A diverse crowd filled The Mayme Clayton Museum and Library’s main meeting room on Saturday, June 8, 2019 at 2 pm for a community event on Hidden History of Culver City Racism, with more than a hundred people in attendance to confront the topic.
The event was framed around the article authored by John Kent, The Hidden History of Culver City Racism, published by StreetsblogLA on April 5 of this year, and has been a driver of conversation in the community. The panel included Kent, Joes Segal of the Wende Museum, MCLM Director Lloyd Clayton, and MCLM Assistant Director Steven Fisher, Culver City council member Daniel Lee and Culver City resident Jessica Cattelino, an associate professor of anthropology at UCLA.
Segal began by setting the Mayme Clayton collection in the same category as the ‘Soviet Hippie’ collection at the Wende. “History is so dependent on our having these connections, these unexpected treasures, that lead us to these insights. . . of course there is no official history of the Soviet hippies, because it was an underground culture. But someone knew someone, who had these clothes and artifacts, and now because the [Wende] museum has them, they are part of history. The African-American treasures in the Clayton collection, they are American history, and by having a clear understanding of the past, we can understand the present and plan the future.”
Clayton spoke about the lack of books that inspired Mayme Clayton, a librarian at UCLA, to turn to a second career as a collector of African-American literature and artifacts, and referenced the current issues with the museum’s struggle to stay at their current address.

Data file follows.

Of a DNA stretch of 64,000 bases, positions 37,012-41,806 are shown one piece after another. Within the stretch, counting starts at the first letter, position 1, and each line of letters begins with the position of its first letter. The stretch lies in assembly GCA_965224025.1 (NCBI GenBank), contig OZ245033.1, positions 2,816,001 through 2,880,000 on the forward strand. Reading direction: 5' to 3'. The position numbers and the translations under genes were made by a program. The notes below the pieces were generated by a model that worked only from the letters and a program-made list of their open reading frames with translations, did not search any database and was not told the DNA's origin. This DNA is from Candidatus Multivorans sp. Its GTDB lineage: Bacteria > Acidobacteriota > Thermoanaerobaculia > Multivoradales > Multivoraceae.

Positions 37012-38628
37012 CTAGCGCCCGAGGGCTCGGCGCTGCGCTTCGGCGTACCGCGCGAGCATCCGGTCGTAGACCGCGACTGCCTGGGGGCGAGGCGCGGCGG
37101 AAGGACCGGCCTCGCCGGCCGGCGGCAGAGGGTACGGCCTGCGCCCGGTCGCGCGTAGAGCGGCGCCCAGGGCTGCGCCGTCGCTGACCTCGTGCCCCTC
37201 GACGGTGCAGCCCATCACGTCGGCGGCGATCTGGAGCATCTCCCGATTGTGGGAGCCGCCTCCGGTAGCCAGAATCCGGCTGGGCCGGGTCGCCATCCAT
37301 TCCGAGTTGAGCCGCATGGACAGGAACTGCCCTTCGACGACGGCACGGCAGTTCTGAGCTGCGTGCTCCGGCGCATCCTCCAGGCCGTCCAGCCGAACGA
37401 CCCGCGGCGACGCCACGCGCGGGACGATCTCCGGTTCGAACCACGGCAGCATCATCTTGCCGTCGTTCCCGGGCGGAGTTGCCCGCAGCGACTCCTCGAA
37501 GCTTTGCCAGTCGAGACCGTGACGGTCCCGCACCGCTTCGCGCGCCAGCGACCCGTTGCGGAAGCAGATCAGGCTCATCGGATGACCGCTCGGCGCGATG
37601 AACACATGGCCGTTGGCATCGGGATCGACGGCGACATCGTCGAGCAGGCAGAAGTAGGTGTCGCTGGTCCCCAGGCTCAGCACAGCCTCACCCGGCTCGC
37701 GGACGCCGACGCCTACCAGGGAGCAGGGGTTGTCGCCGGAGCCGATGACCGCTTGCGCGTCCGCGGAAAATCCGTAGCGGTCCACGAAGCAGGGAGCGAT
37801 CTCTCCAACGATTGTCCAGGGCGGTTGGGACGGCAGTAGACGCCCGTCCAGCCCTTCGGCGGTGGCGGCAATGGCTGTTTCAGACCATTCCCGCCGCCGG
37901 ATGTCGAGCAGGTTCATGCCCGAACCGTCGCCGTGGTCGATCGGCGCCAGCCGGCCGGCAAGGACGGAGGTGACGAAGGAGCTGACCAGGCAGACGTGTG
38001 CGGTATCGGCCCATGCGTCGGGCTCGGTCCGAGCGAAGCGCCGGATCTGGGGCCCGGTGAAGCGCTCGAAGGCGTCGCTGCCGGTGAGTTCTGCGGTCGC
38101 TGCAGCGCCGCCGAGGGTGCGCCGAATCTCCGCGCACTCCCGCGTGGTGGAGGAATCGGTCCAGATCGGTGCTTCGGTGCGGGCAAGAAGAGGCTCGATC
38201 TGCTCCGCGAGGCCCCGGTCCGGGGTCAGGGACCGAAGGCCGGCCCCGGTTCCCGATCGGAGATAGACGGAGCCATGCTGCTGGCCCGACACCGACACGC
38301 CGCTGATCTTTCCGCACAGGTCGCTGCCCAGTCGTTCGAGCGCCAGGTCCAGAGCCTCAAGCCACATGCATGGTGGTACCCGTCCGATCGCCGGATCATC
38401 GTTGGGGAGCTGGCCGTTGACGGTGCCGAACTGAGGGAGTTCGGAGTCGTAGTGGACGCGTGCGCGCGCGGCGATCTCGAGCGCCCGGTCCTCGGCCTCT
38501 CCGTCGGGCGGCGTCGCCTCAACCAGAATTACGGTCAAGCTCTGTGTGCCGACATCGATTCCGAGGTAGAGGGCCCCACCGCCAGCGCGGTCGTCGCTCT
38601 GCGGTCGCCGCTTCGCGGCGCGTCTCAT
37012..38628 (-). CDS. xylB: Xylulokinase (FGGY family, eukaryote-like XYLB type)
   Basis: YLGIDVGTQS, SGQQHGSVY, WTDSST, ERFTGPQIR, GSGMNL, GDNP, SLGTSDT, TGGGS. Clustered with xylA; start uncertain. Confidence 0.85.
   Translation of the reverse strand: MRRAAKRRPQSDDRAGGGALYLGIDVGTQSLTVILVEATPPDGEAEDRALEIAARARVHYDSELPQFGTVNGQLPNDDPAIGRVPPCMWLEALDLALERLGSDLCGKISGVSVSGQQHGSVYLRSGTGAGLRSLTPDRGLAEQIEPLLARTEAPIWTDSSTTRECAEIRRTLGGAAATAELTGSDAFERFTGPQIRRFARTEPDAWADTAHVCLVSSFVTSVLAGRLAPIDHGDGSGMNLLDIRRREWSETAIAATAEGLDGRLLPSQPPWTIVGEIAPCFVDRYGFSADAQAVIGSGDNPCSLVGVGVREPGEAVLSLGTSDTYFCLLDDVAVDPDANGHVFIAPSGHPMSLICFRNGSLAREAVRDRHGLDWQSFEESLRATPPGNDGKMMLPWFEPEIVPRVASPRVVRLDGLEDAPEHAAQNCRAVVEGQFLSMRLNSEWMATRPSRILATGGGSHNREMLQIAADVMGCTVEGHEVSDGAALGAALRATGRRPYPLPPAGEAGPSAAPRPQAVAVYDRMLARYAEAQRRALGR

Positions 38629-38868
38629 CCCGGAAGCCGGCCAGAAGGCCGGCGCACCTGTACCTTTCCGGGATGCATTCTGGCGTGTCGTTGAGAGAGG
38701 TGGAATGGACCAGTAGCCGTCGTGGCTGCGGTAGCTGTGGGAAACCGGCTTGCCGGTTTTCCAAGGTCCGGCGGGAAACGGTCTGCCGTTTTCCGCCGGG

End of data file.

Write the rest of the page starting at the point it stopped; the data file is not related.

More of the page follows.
The main presentation, on Culver City’s history as a “sundowner” town, was a powerpoint by Kent citing the historical evidence from his Streetsblog article, and was followed by a presentation of relevant information by Cattelino. “If you are a homeowner in Culver City, the deed to your property may contain a clause – unenforceable because of subsequent Supreme Court rulings – forbidding you from selling the property to a “Non-Caucasian.” This language is still on these deeds.”
Kent put the effects of these housing restrictions in context as part of a larger history of real estate promotions calling Culver City “a white city,” alongside quotes from such historical film figures as Academy Award winning director George Stevens, offering that the Ku Klux Klan was a heavy presence in both the movie studios and the police department.
When ten Jewish families decided to come together in the 1950’s to begin what is now Temple Akiba, this was also said to be a challenge to the racist status quo of the city’s leadership at the time.
Several speakers on the panel held that the most important facet of Culver City’s racist history was using the information to prevent it from becoming Culver City’s future.
Council member Lee offered his own experiences of being stopped for a DWB – Driving While Black – by the Culver City Police and even being stopped as a pedestrian and frisked.
When the audience was invited to ask questions, the matter of housing came up again and again, with the lack of any rent control or rent stabilization program making Culver City an outlier in southern California. The homeless crisis also came up for discussion, and subsequent related issues.
When the program concluded, the crowd filtered up through the hallway decorated with posters and album covers of black American history of the 1960’s and 70’s. The thought provoking nature of the event elicited comments that echoed through the halls and out into the afternoon.